high yield bond spreads

 

Of course the other asset class that has been moribund since the crisis has been the private label MBS market. While there are governance issues left be sorted out, higher absolute rates will go a long way towards bringing back that sector (and the type of lending that accompanies it). Mortgage REITs who have feasted on MBS thrown overboard in 2009 and 2010 will have to replace that paper with new issuance.

Morning Report: Existing home sales flat

Vital Statistics:

Last Change
S&P futures 2926 11.5
Eurostoxx index 382.7 2.72
Oil (WTI) 71.58 0.46
10 year government bond yield 3.09%
30 year fixed rate mortgage 4.86%

Stocks are higher this morning after China agreed to cut some tariffs. Bonds and MBS are getting slammed.

Bond yields are up 27 basis points over the past month. Not sure what is driving that (at least nothing specific), but it is a worldwide phenomenon. Bunds and JGBs have also been selling off, though not as dramatically. The Fed funds futures have become more hawkish over the same period, raising the probability of a Dec hike from 63% to 87%. This has certainly stopped the flood of hand-wringing stories in the business press about the flattening yield curve.

Initial Jobless Claims hit a 50 year low, and are within striking distance of the 200,000 level. Meanwhile, the Index of Leading Economic Indicators took a step back in August, rising 0.4% after July’s torrid 0.6% growth. Still strong numbers, however.

Consumer comfort rose to a 17 year high, according to the Bloomberg Consumer Comfort Index (highest since Jan 2001).

One reason why consumption has been strong is growing home equity, which rose almost a trillion YOY in the second quarter. This is an increase of 12.3%. The number of homes with negative equity fell by half a million to 2.2 million, or about 4.3% of all mortgaged homes. On average, the typical homeowner saw a $16,200 increase in housing wealth. Only 3 states: North Dakota, Connecticut, and Louisiana saw declines.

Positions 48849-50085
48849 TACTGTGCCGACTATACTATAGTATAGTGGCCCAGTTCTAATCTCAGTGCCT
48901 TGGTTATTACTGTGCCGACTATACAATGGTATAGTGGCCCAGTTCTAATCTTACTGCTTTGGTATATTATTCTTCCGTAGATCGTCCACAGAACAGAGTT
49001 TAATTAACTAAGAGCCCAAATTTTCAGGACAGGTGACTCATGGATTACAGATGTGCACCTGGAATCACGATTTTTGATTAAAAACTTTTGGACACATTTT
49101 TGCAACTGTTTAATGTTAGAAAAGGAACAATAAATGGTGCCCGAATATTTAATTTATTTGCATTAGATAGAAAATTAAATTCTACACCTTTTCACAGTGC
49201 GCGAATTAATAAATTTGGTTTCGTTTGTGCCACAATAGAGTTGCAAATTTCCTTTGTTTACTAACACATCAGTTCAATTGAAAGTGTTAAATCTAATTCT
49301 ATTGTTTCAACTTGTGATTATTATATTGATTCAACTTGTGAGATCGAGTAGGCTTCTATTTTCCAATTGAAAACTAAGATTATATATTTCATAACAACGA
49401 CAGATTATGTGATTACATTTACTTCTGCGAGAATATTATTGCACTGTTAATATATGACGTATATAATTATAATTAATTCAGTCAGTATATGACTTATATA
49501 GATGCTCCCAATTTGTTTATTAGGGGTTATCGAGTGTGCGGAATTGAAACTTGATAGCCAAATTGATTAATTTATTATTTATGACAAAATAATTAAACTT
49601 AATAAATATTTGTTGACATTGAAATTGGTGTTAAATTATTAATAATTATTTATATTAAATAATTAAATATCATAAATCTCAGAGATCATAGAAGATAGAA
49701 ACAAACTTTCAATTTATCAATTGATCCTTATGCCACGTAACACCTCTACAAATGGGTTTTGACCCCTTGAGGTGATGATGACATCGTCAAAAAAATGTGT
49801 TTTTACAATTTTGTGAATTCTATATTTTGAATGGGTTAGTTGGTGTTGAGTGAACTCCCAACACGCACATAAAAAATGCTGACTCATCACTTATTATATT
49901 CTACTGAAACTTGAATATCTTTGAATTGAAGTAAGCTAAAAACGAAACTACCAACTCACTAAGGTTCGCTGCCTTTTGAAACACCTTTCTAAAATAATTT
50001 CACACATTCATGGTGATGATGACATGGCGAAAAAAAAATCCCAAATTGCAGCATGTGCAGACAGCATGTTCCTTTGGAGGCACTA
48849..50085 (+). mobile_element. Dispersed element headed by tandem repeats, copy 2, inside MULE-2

Existing home sales remained flat in August, according to NAR.  Lawrence Yun, NAR chief economist, says the decline in existing home sales appears to have hit a plateau with robust regional sales. “Strong gains in the Northeast and a moderate uptick in the Midwest helped to balance out any losses in the South and West, halting months of downward momentum,” he said. “With inventory stabilizing and modestly rising, buyers appear ready to step back into the market.” The median house price was $264,800, up 4.6% YOY. Inventory is still tight, at 4.1 month’s worth, and days on market ticked up slightly to 29 days. First time homebuyers accounted for 31% of sales. Historically, that number has been closer to 40%.

Closing rates jumped across the board to 71.7%, according to Ellie Mae’s Origination Insight Report. Average FICOs were 724, and average LTV was 79%. Both those numbers are more or less unchanged YOY. It typically took 43 days to close a loan.

When is the best time of year to buy a home? It depends. Prices do decline however during the winter, with purchases in January and February 8.5% cheaper than the peak summer months. Even in Autumn, they fall 3%. So, don’t get too depressed about your Z-scores during the winter months. It could be just seasonality.